How did BlackBerry fail?

BlackBerry was unable to innovate away from its keyboard. It also made the wrong decisions on its mobile OS and missed a mistake by locking BlackBerry Messenger to its hardware.

A short drive to irrelevance

How did BlackBerry fail?

As a Canadian, this hurts to say: come tomorrow, BlackBerry phones are gone for good.

The company will shut down text, data, and voice functionality on legacy devices.

It’s an anticlimactic end to one of the biggest corporate downfalls in recent memory.

Blame the iPhone?

When Steve Jobs unveiled the iPhone in January 2007, many industry players were skeptical.

Former Microsoft CEO Steve Ballmer mocked it for being overpriced and lacking a keyboard. He predicted it would fail.

Meanwhile, BlackBerry — founded and manufactured by Ontario-based Research in Motion (RIM) — had 10% of the smartphone market (and would rise to 20% in 2009).

BlackBerry pioneered…

… on-the-go communication and email with its keyboard-enabled phones. According to The Verge, its success laid the foundation for its fall:

  • Form factor: BlackBerry’s calling card was its keyboard and the company missed the touch screen revolution (spearheaded by Apple). To compound the mistake, it bet the future of mobile on Flash and its mobile OS faltered.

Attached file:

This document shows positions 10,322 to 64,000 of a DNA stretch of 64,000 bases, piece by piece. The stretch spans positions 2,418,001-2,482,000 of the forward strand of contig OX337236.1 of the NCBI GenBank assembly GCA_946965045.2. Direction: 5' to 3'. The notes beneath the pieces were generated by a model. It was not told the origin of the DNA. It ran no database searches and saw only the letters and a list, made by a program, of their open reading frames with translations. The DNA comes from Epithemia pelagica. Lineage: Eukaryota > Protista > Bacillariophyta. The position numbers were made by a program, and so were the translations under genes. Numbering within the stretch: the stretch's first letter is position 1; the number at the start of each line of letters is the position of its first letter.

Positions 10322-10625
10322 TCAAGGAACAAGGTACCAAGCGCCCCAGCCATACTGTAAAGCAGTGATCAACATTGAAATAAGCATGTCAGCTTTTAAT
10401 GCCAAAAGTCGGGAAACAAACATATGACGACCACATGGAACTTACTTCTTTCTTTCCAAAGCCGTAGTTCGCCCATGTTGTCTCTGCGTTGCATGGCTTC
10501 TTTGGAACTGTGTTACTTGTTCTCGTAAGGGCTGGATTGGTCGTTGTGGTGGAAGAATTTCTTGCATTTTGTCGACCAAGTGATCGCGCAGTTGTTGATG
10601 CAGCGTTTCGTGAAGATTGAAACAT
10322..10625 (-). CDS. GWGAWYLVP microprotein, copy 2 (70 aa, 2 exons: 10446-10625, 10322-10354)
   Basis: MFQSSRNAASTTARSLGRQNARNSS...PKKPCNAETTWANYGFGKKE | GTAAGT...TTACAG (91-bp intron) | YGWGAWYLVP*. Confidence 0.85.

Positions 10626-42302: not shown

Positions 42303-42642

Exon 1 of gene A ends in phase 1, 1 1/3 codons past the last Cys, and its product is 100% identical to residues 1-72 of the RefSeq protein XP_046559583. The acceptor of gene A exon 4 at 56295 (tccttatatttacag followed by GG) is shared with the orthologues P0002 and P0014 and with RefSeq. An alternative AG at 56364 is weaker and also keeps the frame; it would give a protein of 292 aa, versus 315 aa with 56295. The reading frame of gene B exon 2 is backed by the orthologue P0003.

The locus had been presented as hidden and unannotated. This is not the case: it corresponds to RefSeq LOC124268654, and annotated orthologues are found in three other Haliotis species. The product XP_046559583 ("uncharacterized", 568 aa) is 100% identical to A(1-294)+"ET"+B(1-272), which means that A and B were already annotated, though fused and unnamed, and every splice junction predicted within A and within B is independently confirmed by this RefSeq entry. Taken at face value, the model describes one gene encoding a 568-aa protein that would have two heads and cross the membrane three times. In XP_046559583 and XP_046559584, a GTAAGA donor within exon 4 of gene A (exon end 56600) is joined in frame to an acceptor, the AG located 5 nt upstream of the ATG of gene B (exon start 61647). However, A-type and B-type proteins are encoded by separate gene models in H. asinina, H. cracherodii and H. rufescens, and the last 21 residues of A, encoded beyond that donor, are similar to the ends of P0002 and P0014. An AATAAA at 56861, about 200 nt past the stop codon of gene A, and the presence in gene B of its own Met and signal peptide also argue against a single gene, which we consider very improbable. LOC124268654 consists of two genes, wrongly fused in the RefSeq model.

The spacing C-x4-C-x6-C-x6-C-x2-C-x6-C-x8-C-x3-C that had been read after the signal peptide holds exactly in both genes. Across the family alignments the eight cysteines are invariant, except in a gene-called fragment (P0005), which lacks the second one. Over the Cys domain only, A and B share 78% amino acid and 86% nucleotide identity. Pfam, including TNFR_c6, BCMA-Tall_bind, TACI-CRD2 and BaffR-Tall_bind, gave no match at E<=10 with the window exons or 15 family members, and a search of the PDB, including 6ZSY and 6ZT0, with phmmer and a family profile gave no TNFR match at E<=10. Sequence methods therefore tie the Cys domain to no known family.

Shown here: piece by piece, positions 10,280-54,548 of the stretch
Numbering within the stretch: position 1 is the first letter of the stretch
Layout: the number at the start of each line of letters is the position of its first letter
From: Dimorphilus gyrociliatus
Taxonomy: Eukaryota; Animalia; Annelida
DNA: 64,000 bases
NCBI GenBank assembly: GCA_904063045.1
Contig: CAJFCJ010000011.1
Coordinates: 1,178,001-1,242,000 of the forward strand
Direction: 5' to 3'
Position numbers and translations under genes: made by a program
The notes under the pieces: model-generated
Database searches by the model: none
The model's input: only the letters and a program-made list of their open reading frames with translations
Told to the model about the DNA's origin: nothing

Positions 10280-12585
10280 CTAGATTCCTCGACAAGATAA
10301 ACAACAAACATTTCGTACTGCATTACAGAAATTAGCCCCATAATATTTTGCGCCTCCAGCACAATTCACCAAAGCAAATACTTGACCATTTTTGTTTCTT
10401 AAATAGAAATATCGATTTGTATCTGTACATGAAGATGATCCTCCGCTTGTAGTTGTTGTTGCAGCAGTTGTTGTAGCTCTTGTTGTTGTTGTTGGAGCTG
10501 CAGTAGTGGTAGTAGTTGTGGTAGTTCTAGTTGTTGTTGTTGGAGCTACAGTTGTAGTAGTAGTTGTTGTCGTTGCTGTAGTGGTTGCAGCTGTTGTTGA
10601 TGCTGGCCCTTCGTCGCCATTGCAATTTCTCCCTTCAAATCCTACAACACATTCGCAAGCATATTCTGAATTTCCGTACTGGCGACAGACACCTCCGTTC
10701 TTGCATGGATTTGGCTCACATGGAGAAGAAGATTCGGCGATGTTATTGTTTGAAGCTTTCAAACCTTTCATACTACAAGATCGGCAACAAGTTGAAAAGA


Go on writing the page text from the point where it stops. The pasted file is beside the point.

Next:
• Lack of consumer focus: BlackBerry’s core business was with corporate and government customers, who relied on its security and email. The company was content catering to this crowd and missed billions of regular future consumers.
  • Missed opportunity: BlackBerry Messenger (BBM) was a very popular messaging service, which did attract consumers. However, BlackBerry locked the service to its device. WhatsApp — acquired by Facebook for $19B in 2014 — showed the value of cross-platform messaging.

BlackBerry peaked at 50m+ units in 2011

But the touch screen freight train — led by iPhones and Android smartphones (e.g., Samsung, HTC etc.) — ran it over.

In 2013, the company renamed from RIM to BlackBerry (spoiler alert: this didn’t change its fortunes).

By 2016, it shut down its smartphone manufacturing business. Today, BlackBerry has pivoted into a software firm — valued at $5B+ — that primarily sells cybersecurity.

Meanwhile, Apple has sold ~2B iPhones and is the world’s most valuable firm (*pours out some maple syrup*).

New call-to-action
Topics: Personal Tech

Related Articles

Get the 5-minute news brief keeping 2.5M+ innovators in the loop. Always free. 100% fresh. No bullsh*t.